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Satisfying(Paper About Orozco

’s “Orientation” And Reed’s “Naming Of Parts” Essay, Research Paper Smith 10/12/2000 ENGL 1102 McDermott Satisfying The short story “Orientation” by Daniel Orozco and the poem “Naming of Parts” by Henry Reed both show a teacher giving instructions. In “Naming of Parts” the teacher enthusiastically describes the different parts of a gun, while comparing this to the beauty of nature in his or her mind. “Orientation” is a story about an office worker who starts a new job and a co-worker shows them around the office.

’s “Orientation” And Reed’s “Naming Of Parts” Essay, Research Paper

Smith

10/12/2000

ENGL 1102

McDermott

Satisfying

The short story “Orientation” by Daniel Orozco and the poem “Naming of Parts” by Henry Reed both show a teacher giving instructions. In “Naming of Parts” the teacher enthusiastically describes the different parts of a gun, while comparing this to the beauty of nature in his or her mind. “Orientation” is a story about an office worker who starts a new job and a co-worker shows them around the office. The orientation leader also lets the worker know the rules within the office and gives a little insight about the co-workers personal lives. In both stories the tone, setting, and the form provide images that show how repetitive and boring our lives become after doing something for so long, and also show the things that we do to make our situations more interesting.

In “Naming of Parts” it seems as if there are two voices within the poem. Throughout the poem there is the instructor who seems to be an expert on guns. Carefully detailing each part of the gun, he describes each gun part’s function as well as what needs to be done to operate it. Also in the poem we have a second voice; this voice compares this “naming of parts” to nature and its beauty.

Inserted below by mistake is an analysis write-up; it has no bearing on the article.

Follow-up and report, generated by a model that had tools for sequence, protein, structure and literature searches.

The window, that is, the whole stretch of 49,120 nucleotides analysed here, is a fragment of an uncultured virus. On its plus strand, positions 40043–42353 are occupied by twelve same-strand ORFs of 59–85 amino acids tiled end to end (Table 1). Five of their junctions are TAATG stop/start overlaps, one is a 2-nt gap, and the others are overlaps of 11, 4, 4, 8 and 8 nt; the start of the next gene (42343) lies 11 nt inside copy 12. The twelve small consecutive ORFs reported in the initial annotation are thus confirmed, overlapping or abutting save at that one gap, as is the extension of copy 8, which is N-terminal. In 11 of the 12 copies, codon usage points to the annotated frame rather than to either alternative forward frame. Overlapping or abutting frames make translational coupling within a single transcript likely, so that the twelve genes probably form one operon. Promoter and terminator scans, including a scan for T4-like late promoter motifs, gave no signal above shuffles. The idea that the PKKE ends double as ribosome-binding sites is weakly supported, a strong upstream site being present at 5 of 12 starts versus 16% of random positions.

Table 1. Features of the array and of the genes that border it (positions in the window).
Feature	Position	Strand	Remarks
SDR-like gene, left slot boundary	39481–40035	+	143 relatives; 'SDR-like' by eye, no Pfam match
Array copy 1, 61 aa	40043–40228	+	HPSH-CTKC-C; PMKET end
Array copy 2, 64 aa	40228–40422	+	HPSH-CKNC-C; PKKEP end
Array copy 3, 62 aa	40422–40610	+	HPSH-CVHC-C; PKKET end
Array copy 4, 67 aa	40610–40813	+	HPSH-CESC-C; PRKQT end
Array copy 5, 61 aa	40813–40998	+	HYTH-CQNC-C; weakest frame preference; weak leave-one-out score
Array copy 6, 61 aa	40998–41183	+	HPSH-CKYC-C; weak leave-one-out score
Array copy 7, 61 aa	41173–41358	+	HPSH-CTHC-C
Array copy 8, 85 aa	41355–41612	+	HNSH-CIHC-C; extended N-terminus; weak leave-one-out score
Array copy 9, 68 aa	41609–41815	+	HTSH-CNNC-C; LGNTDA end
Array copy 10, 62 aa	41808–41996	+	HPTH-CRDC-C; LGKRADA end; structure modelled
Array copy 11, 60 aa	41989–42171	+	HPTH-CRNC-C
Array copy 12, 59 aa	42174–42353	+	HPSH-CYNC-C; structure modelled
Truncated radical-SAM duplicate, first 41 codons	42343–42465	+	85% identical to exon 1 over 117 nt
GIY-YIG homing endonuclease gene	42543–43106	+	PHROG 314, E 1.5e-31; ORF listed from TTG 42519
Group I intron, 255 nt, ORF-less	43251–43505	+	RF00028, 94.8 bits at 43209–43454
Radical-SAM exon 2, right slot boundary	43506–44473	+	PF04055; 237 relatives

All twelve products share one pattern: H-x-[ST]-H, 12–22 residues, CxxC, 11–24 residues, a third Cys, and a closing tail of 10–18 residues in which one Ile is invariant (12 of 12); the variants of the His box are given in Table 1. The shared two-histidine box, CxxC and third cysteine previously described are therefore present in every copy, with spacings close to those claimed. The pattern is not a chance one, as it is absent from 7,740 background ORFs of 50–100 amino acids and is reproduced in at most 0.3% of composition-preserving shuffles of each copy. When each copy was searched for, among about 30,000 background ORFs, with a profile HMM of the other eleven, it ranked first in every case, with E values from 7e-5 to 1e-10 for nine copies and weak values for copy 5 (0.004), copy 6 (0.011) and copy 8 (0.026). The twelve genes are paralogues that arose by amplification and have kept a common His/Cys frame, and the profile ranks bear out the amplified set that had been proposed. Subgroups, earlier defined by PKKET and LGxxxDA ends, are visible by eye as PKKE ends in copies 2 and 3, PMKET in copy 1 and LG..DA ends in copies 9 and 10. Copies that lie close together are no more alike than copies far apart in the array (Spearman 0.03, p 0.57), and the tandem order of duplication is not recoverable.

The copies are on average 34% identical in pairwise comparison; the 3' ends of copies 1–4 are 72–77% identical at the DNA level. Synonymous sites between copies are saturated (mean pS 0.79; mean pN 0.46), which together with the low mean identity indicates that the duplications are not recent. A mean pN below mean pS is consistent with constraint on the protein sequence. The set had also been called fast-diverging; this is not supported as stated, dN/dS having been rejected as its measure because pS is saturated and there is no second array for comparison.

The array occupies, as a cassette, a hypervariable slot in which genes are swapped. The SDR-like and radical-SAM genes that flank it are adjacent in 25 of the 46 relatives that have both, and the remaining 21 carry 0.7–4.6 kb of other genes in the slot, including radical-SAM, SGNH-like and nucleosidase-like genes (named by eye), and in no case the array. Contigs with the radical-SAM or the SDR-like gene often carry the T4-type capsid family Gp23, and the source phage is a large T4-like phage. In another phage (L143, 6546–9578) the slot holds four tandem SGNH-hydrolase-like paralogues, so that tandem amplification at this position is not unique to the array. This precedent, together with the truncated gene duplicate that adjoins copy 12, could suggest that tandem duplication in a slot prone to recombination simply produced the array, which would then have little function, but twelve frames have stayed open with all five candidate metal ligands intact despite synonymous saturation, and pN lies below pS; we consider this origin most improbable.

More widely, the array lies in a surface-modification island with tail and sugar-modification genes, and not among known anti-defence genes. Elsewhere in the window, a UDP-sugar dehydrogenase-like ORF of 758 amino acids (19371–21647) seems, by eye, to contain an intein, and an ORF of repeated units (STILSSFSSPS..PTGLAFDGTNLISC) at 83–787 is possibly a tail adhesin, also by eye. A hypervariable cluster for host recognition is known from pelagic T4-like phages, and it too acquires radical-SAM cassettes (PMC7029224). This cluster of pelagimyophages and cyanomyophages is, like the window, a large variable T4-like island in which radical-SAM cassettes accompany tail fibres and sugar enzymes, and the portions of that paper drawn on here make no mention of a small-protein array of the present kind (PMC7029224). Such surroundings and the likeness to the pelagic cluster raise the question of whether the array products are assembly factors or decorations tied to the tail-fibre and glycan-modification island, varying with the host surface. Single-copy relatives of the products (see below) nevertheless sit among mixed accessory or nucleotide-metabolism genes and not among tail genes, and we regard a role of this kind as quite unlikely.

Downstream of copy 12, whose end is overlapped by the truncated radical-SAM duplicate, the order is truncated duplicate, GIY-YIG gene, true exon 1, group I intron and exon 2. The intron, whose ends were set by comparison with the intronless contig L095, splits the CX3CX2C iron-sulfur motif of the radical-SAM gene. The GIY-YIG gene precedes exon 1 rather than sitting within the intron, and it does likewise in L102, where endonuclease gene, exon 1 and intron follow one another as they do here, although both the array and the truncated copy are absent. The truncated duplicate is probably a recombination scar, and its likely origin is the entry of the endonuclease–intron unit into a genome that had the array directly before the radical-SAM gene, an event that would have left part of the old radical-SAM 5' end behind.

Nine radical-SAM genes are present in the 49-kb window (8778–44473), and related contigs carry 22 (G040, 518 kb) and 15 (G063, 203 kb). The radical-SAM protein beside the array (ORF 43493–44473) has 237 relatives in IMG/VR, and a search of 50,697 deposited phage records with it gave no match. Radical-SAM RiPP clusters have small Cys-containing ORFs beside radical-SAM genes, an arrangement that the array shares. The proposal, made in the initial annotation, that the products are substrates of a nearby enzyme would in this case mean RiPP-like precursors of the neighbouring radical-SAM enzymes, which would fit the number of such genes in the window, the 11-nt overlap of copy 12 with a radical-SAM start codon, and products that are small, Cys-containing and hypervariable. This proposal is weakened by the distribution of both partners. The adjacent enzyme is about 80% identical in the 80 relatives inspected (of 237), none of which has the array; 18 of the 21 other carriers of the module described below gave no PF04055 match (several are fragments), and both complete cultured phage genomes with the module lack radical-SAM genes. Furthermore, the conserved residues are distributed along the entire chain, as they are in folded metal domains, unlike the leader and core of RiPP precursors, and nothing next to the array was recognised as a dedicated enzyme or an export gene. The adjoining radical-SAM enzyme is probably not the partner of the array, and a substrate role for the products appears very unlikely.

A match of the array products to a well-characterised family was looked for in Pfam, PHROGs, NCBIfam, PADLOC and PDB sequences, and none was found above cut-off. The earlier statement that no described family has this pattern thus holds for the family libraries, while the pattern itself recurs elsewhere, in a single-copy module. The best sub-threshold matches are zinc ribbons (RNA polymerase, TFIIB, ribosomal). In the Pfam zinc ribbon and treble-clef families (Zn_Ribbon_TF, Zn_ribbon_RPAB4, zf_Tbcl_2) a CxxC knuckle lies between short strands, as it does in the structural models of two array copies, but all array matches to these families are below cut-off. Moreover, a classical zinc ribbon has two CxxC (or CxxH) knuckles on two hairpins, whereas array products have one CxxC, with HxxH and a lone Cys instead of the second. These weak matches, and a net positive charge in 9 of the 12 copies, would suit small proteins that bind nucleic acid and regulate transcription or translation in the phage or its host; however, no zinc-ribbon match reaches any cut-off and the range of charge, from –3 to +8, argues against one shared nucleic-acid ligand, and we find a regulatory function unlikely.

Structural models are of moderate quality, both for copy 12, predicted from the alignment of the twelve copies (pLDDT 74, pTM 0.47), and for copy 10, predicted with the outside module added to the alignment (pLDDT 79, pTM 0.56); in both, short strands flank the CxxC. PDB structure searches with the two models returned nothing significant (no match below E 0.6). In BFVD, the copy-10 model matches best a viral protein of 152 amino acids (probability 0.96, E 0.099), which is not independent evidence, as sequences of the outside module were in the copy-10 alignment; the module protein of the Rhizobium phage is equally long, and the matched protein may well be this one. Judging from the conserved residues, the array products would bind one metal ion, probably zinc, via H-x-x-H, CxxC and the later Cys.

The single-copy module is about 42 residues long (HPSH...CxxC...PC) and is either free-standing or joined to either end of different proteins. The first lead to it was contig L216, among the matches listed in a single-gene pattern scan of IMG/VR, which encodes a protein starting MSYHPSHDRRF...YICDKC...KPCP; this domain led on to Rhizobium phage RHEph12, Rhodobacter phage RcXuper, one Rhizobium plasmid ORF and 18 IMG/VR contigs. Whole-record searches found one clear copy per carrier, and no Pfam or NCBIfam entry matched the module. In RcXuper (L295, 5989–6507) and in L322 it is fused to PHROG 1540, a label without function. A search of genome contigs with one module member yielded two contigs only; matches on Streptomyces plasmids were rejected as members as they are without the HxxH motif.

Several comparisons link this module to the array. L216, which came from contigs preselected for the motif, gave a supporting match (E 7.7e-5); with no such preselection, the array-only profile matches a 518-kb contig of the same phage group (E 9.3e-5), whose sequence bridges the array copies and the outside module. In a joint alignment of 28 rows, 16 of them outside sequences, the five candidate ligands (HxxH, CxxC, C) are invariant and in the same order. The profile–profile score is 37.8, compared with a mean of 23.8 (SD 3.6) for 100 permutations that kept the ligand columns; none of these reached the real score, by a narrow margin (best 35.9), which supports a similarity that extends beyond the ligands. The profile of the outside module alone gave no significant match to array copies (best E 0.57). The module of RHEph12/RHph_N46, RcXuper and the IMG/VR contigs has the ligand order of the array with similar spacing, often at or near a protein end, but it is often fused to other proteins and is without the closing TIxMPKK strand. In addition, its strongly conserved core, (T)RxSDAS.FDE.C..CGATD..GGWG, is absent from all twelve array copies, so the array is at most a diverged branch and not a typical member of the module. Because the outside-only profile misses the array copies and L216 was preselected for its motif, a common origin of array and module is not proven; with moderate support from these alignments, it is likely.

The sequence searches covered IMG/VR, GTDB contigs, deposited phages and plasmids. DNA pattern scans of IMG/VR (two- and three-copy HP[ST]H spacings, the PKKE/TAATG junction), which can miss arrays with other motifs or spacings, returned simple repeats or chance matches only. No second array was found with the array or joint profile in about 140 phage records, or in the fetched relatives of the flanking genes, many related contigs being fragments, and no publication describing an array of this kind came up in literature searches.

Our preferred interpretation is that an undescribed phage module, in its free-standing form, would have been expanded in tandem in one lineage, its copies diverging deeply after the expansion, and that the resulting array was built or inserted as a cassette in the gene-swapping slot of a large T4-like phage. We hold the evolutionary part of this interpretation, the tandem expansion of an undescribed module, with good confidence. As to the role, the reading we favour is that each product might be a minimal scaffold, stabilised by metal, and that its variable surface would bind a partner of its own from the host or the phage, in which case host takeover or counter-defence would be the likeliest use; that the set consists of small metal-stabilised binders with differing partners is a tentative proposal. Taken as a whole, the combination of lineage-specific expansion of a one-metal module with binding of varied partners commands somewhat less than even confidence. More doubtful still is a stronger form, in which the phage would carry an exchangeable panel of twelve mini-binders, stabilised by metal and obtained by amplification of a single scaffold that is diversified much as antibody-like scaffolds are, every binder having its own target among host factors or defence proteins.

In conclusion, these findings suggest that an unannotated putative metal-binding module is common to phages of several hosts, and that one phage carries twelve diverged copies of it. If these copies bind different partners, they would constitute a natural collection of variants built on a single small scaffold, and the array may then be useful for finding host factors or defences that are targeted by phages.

When thinking of two different voices, my first instinct was that there were two different people, but further analysis led me to believe there is only one person. Here instead of having a teacher instructing and student daydreaming, we have a teacher who is finding a way to channel his boredom in teaching into deeper thoughts. The instructor has developed a routine and by doing so he becomes bored very easily. In order to pass the time he compares his instructions to nature.

In the first stanza the instructor’s routine is noticeable, “Today we have a naming of parts. Yesterday, We had daily cleaning. And tomorrow morning, We shall have what to do after firing?” This shows that week in and week out the instructor does the same exact thing. Toward the end is where the second voice starts in about nature and its beauty. The last line of every verse reiterates something that is already said. This repetition not only fits into the instructor’s routine but also relates the instructions to his thoughts of nature. When comparing the two in the second verse, he shows us the sling swivels and says we will learn how to use them when we are given our slings, which will hold our guns when we get them. The teacher next mentions how the branches in a garden hold silent, eloquent gestures, which are yet to be revealed or which we haven’t gotten. The teacher compares the sling that will hold the gun to a garden that holds many secrets, both of which will be revealed or give to us later on.